Proceedings after Third Reading resumed.
Clause 11 [Activities that may be licensed]:
5: Clause 11, page 8, line 21, after “research)” insert “—
The noble Lord said: My Lords, the amendments in this group were tabled by my noble friend Lord Patel, who unfortunately is unable to be here today as he is on a professional visit overseas. They were tabled on Report, but it is important to say a few words before deciding how to proceed.
Research into deriving embryonic stem cell lines for treatment purposes is proceeding, and UK-based researchers are widely regarded as among the leaders in the field. There have been recent reports, for instance, of embryonic stem cells having a great potential to treat acute macular degeneration, and researchers from Moorfields hospital in London and Sheffield University are now developing embryonic stem cells in a GMP-compliant facility—meaning good manufacturing practice—to take that work to the next stage of clinical testing. The Medical Research Council, with the Department of Health, has invested £1.2 million to create laboratory facilities in which embryonic stem cells can be developed to appropriate standards for clinical application in humans. The MRC plans further investment in the development of tissue-typed embryonic stem cell lines.
When we debated in this House in 2001 the regulations amending the Human Fertilisation and Embryology Act 1990, many of us, including myself, took the view that the purpose of those regulations was to amend the Act in order to allow stem cells to be used for the treatment of serious human disease. We were therefore surprised when, either in Committee or on Report, the noble Baroness, Lady Royall, suggested that the use of such cells in treatment was not allowed under the Act and that it might even require new primary legislation. However, I am grateful to the noble Lord, Lord Darzi, for the letter he sent to many of us last week in which it would appear that that interpretation may not have been entirely correct. The Government’s position has clearly changed. There appears now to be common agreement between the Government, my noble friend Lord Patel and I that the therapeutic and research use of embryo-derived stem cells in clinical trials would be regulated by the MHRA in consultation with the Human Tissue Authority and will not—and should not—be regulated by the HFEA. Indeed, the framework of EU directives and the like for that regulation is already in place.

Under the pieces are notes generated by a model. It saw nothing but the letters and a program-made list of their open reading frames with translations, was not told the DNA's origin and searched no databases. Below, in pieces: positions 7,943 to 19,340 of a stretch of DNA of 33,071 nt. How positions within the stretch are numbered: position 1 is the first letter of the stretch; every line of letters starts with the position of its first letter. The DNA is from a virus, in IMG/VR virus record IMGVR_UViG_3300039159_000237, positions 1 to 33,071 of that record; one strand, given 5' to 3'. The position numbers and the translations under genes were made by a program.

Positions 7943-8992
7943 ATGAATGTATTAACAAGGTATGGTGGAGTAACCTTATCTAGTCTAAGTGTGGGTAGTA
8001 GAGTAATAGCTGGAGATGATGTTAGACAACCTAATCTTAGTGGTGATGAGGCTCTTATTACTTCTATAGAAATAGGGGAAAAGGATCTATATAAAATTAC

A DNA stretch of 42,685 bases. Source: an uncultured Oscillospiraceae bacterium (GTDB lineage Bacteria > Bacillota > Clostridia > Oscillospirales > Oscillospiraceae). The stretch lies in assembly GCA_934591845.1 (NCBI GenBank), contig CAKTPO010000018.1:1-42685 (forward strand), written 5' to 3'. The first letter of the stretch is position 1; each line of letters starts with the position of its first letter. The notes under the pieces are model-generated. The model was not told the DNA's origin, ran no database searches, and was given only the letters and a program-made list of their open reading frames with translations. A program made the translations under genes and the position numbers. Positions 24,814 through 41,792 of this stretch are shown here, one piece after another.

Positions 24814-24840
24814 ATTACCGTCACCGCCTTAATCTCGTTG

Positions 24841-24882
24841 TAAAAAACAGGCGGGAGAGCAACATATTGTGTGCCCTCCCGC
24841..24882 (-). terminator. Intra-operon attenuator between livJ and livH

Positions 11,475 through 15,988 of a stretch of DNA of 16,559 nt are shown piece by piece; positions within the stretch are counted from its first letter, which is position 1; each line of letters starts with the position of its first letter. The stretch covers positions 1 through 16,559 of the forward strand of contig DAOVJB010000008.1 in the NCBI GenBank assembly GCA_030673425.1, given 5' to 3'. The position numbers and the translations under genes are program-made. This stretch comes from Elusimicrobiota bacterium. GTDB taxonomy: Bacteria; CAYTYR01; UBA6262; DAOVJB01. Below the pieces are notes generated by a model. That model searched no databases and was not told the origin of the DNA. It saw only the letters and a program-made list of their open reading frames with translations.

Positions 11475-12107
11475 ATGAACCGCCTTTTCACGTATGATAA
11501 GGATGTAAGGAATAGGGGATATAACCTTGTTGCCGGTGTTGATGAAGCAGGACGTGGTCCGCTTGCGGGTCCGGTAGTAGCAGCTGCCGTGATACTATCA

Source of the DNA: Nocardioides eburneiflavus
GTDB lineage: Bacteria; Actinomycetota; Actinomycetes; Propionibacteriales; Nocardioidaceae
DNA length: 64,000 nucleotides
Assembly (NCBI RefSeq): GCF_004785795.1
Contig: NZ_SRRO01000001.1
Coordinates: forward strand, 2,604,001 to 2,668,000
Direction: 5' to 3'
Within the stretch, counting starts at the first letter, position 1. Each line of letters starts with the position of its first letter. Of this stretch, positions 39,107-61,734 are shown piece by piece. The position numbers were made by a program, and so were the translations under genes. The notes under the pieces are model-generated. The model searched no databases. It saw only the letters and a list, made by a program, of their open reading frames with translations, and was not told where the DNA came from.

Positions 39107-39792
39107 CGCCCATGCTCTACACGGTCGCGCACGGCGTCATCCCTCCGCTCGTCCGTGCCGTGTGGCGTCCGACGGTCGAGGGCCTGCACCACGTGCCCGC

Neither I, nor the scientists, nor the Government are arguing that the HFEA will be involved in regulation beyond the use of the embryo to derive the cell lines. For those of us who wish to see the therapeutic use of this technology without the need for further legislation—that now appears to be the Government’s view—the question is whether the terms of the original licence to create or use embryos, which can only be a research licence as the Bill stands, are adequate to enable us to say, with the certainty required by research scientists, their funders and investors, that therapeutic use will be permitted. That assurance requires more than an assertion of ministerial hope or parliamentary belief—it requires legal certainty.
I therefore ask the Minister to give a clear assurance that stem cell lines derived from embryos under a research licence can ultimately be used for treatment purposes once all stages of clinical research are completed. I ask also for a commitment that the translation of research into treatment will not be delayed by the need for further legislation and that a pathway for any such legislation has been agreed. I beg to move.
My Lords, I support the noble Lord, Lord Walton. The idea that stem cells should eventually be used for treating diseases is a major selling point of this Bill for the general public. We must have some clarification on that. In Committee, I understood that primary legislation was needed to achieve that purpose. In the letter from the Department of Health I think we are now being told something different, but I confess to not really understanding the letter. Therefore, I hope the Minister will now clarify the position for the benefit of all of us.
My Lords, who would determine whether embryos would be used in therapies rather than just in research, as currently? What expertise exists within the Human Fertilisation and Embryology Authority to determine issues surrounding the kinds of diseases that the noble Lord, Lord Walton of Detchant, has mentioned? Furthermore, what assessment has been made of safety hazards and risks that there might be because, where foetal cells have been used in the United States for the treatment of sufferers of Parkinson’s, those treatments had to be withdrawn owing to the irremediable damage that they did?
My Lords, I am grateful to the noble Lord, Lord Walton, and the noble Lord, Lord Patel—who is not in his place, and I quite understand why—for the further discussions that we have had on this issue after previous debates.
The noble Lord referred to the letter from my noble friend Lord Darzi, which covered a number of the issues raised during the passage of the Bill, including a considerable contribution on this subject, and copies have been placed in the Library. I am happy to repeat the salient points for all noble Lords present.